Craniopharyngioma causes symptoms in the following ways:
- Increasing the pressure on the brain (intracranial pressure)
- Disrupting the function of the pituitary gland
- Damaging the optic nerve
Increased pressure on the brain causes headache, nausea, vomiting (especially in the morning), and difficulty with balance.
Damage to the pituitary gland causes hormone imbalances that can lead to excessive thirst, excessive urination, and stunted growth.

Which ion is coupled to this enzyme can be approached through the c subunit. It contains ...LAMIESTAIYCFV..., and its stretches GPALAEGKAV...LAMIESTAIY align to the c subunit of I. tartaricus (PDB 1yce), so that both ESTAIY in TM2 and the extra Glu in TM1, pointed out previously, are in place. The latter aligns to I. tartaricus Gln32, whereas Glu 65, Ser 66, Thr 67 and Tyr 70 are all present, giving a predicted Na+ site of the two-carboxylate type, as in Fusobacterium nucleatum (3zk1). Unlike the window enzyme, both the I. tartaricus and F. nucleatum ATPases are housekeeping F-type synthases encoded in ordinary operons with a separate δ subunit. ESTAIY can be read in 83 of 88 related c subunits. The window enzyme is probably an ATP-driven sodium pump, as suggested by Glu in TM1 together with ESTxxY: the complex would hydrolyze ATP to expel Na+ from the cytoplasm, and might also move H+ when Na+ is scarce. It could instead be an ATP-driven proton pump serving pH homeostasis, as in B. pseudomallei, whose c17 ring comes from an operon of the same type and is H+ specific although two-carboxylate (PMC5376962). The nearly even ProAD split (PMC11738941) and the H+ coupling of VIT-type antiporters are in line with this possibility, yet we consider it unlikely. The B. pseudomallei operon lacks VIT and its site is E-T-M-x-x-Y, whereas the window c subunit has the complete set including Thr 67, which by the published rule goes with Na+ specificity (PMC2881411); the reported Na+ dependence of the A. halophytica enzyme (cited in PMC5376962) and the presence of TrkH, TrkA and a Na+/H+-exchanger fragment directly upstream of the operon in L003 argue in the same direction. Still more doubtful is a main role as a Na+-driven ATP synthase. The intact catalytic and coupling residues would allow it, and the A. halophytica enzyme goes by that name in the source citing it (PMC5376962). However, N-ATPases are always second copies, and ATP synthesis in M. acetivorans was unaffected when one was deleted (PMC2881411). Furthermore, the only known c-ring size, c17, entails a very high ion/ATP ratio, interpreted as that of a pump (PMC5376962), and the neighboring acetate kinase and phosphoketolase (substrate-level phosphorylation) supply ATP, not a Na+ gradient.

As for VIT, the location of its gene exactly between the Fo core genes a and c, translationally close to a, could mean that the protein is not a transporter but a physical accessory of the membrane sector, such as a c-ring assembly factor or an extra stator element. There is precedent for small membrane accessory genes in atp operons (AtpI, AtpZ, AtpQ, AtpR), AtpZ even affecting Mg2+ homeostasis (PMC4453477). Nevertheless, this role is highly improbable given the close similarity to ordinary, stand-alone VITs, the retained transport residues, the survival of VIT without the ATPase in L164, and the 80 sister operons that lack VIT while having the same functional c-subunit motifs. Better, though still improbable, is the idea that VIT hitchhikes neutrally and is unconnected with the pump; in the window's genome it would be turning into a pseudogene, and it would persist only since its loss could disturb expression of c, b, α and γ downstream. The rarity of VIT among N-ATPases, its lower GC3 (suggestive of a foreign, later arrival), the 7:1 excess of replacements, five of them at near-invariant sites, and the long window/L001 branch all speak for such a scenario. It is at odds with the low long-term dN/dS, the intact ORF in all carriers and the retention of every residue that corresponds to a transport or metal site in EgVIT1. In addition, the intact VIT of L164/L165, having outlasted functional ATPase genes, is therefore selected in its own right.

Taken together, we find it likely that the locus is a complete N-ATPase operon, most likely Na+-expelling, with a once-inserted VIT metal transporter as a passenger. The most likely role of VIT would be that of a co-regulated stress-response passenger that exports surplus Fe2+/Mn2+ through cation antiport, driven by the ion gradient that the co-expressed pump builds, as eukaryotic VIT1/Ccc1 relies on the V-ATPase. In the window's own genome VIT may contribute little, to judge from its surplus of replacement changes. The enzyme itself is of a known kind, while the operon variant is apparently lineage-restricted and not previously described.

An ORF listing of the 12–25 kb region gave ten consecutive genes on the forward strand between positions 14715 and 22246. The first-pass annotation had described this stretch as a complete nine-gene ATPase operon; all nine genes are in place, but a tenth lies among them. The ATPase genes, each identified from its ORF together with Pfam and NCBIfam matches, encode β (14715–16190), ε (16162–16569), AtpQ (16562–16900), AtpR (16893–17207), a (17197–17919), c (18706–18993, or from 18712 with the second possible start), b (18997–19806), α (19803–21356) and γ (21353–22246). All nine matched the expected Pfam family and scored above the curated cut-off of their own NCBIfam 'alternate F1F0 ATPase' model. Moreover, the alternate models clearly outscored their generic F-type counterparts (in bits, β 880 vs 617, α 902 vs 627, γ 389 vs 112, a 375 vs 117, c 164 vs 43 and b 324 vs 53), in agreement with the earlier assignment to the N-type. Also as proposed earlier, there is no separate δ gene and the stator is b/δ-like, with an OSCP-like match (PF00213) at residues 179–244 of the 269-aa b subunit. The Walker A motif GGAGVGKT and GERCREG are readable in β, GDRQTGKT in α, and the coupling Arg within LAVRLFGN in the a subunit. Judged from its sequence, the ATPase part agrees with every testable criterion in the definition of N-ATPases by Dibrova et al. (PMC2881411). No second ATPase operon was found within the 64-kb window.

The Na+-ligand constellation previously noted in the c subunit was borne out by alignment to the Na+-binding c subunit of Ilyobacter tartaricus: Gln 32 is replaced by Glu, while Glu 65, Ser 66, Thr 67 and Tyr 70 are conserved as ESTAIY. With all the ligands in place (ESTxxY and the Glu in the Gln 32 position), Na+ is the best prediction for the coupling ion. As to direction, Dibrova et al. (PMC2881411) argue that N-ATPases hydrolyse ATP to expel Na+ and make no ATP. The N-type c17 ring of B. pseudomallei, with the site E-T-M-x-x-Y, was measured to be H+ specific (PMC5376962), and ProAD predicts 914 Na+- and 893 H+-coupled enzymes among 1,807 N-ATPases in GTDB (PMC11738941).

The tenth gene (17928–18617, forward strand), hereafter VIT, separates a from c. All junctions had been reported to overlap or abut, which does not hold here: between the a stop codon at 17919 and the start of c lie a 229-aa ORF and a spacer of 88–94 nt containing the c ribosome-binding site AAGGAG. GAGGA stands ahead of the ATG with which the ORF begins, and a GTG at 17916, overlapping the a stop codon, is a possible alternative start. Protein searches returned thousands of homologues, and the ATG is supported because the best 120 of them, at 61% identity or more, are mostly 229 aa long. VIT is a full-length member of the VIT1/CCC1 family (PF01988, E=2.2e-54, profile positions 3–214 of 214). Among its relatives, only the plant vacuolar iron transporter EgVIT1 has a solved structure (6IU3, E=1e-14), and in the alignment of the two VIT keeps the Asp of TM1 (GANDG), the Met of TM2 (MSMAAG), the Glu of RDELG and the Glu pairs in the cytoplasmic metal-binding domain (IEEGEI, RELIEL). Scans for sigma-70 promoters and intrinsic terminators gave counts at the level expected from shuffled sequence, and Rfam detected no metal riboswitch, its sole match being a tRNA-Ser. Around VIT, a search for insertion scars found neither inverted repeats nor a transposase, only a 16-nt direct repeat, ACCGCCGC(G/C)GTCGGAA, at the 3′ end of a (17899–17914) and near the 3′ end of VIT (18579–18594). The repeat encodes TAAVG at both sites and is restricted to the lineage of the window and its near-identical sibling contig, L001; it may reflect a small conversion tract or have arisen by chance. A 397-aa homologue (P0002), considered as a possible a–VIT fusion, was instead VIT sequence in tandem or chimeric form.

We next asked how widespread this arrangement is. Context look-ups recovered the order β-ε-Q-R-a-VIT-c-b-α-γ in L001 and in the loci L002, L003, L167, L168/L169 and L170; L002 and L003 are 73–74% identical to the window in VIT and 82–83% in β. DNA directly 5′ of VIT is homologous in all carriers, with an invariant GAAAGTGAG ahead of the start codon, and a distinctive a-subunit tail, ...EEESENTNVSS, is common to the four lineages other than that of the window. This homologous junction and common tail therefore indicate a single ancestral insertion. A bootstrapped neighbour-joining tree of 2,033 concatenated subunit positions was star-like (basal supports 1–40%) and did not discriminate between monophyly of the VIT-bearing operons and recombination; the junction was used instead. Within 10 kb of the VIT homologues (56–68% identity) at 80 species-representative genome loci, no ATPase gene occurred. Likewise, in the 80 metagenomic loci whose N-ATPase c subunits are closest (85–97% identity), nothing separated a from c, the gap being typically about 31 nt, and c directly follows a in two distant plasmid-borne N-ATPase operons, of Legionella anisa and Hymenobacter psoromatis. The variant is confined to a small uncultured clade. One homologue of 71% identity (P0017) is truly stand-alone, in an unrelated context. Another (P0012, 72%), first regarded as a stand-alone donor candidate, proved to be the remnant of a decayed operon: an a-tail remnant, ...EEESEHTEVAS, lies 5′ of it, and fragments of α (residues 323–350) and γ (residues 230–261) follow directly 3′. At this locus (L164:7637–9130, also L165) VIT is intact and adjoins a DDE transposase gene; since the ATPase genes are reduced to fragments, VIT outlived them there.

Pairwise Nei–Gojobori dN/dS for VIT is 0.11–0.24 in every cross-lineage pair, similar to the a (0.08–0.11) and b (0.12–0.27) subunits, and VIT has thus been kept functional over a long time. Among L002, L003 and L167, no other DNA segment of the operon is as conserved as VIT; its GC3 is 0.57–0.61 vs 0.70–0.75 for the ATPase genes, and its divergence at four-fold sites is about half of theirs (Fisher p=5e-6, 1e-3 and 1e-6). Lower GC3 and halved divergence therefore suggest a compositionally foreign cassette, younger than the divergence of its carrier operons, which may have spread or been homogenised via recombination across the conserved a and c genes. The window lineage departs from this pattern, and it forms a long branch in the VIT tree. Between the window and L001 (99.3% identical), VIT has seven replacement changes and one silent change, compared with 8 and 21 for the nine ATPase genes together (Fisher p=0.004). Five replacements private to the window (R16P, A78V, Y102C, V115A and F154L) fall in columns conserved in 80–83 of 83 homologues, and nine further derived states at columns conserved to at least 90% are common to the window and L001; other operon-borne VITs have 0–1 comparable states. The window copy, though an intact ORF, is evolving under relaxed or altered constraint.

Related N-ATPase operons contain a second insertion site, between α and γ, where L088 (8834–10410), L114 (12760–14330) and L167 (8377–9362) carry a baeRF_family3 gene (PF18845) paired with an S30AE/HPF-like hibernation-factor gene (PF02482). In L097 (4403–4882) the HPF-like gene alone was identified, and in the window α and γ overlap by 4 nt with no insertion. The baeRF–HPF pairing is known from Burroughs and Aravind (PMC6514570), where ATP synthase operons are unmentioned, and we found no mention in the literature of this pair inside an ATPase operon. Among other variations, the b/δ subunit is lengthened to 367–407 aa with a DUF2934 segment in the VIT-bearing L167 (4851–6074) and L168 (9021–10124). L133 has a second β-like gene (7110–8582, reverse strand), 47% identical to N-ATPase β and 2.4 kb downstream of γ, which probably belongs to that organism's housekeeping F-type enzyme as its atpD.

When the optic nerve is damaged by the tumor, vision problems develop. These defects are often permanent, and may get worse after surgery to remove the tumor.
Behavioral and learning problems may be present.
Most patients have at least some vision problems and evidence of decreased hormone production at the time of diagnosis.